Ground Number: 1044
Saturday 5th March 2022
Nelson 3-1 Chadderton
NWCFL D1 North
Saturday 5th March 2022
Nelson 3-1 Chadderton
NWCFL D1 North
NELSON FC - A BRIEF HISTORY
Compared to some of their fellow NWCFL side, Nelson has quite the history. Formed in 1882, they joined the Lancashire Combination, winning it in 1896 and finishing as runners-up in 1898. The club briefly folded but would carry on in the Lancashire Combination until the outbreak of the first world war. When football resumed, they had a brief spell in the Central League before becoming founder members of the newly-established Division 3 North in 1921. Two years later, they were champions and would spend one season in Division 2 before being relegated back. Fortunes declined in the late 1920s and in 1931, they were voted out of the Football League. Nelson would return to the Lancashire Combination and were champions in 1950 and 1952. The league was absorbed into the North West Counties League in 1982 and Nelson started in Division 3 and stayed until 1987 when restructuring saw them placed in Division 2. They only stayed for one season before being forced to drop down to the West Lancashire League as their ground was deemed not up to standard. Despite not being a success at the lower level, they made the necessary improvements to their home and would return to the NWCFL in 1992. They've been there ever since, spending time in both of its current divisions. They briefly resigned from the league in 2010 due to financial pressures but soon bounced back. Their best finish came in 2015 when they finished 11th in the Premier Division, the worst just three years later when they finished 21st in Division 1.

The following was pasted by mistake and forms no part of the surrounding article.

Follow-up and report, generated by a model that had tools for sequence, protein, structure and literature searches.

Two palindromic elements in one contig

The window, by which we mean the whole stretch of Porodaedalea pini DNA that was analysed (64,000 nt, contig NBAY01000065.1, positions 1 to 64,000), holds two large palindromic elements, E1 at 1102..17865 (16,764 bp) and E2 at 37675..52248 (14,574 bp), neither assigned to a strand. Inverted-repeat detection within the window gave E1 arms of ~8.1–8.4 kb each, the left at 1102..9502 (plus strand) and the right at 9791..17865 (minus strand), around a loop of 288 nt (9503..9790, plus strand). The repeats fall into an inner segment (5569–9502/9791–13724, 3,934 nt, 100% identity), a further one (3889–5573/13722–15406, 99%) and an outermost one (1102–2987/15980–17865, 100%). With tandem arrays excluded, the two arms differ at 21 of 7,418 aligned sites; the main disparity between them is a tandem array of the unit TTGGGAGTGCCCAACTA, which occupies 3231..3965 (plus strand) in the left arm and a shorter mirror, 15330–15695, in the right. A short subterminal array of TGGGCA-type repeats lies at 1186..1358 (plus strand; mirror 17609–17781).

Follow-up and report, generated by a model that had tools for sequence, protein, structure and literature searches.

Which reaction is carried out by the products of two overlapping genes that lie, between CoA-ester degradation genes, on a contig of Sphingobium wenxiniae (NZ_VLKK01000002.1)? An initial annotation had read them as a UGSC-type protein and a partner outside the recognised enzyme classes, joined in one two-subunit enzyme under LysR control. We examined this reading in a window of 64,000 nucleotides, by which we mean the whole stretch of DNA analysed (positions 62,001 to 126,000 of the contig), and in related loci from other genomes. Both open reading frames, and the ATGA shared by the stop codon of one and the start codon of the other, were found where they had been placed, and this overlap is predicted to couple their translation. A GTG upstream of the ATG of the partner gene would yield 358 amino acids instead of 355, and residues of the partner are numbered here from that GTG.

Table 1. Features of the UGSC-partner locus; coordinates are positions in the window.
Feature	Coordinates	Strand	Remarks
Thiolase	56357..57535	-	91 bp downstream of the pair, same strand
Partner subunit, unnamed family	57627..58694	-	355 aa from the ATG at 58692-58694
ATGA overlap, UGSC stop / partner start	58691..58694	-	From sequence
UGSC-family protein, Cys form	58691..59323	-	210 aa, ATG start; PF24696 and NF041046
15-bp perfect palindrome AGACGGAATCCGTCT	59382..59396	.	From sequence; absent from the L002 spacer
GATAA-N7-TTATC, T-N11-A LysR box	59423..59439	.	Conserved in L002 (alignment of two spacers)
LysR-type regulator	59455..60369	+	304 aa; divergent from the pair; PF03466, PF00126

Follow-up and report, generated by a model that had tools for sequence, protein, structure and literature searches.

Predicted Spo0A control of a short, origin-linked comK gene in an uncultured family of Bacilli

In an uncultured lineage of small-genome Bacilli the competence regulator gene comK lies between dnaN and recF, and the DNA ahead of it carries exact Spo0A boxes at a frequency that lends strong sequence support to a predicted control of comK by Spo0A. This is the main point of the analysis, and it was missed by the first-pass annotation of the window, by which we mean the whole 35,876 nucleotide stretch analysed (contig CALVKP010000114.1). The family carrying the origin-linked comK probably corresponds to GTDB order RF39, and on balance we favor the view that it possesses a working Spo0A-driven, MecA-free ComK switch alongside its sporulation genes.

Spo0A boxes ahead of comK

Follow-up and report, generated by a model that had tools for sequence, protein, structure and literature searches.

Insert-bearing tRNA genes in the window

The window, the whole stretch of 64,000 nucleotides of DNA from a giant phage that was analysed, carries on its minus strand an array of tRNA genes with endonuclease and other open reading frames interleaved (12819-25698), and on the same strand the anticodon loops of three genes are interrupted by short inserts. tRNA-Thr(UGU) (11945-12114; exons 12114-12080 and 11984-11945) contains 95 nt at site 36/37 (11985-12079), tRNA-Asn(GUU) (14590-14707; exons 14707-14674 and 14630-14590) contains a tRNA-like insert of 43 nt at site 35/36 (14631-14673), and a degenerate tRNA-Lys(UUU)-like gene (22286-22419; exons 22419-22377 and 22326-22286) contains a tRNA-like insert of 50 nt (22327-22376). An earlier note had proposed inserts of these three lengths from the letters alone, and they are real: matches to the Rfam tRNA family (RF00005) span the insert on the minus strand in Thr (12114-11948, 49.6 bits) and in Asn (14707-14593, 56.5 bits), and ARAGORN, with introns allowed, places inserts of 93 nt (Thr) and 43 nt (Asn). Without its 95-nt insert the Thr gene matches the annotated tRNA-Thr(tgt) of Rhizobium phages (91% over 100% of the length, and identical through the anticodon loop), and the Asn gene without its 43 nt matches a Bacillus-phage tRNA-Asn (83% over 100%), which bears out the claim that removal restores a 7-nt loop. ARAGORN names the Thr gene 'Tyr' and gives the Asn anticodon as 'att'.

Nelson's best FA Cup run has been to the 2nd Round, last achieved in 1950 when they narrowly lost 3-2 at Port Vale. They also reached the FA Trophy 2nd Qualifying Round in their brief stint in that competition. Their best run in the FA Vase came in 2009 when they beat Abbey Hey, Selby Town and Morpeth Town before a 5-0 defeat at Marske United in the 3rd Round. Local competitions won include the Lancashire Combination League Cup on three occasions, the Bridge Shield in 1976 & 1982, the George Watson Trophy in 1979, the NWCFL Division 2 Trophy in 1987 and the Lancashire FA Trophy in 1908 and 1955. Up until 1971, the club played at Seedhill and it was here when they hosted their record attendance of 14,143 for a Third Division North game against Bradford Park Avenue. In 1923, Nelson became the first club to defeat Real Madrid in a pre-season tour that also saw them beat Oviedo. The town of Nelson is located in the borough of Pendle in Lancashire. It has a population of just under 30,000 and famous people from the town include former Manchester United assistant manager Mike Phelan and Eric Knowles of the Antiques Roadshow.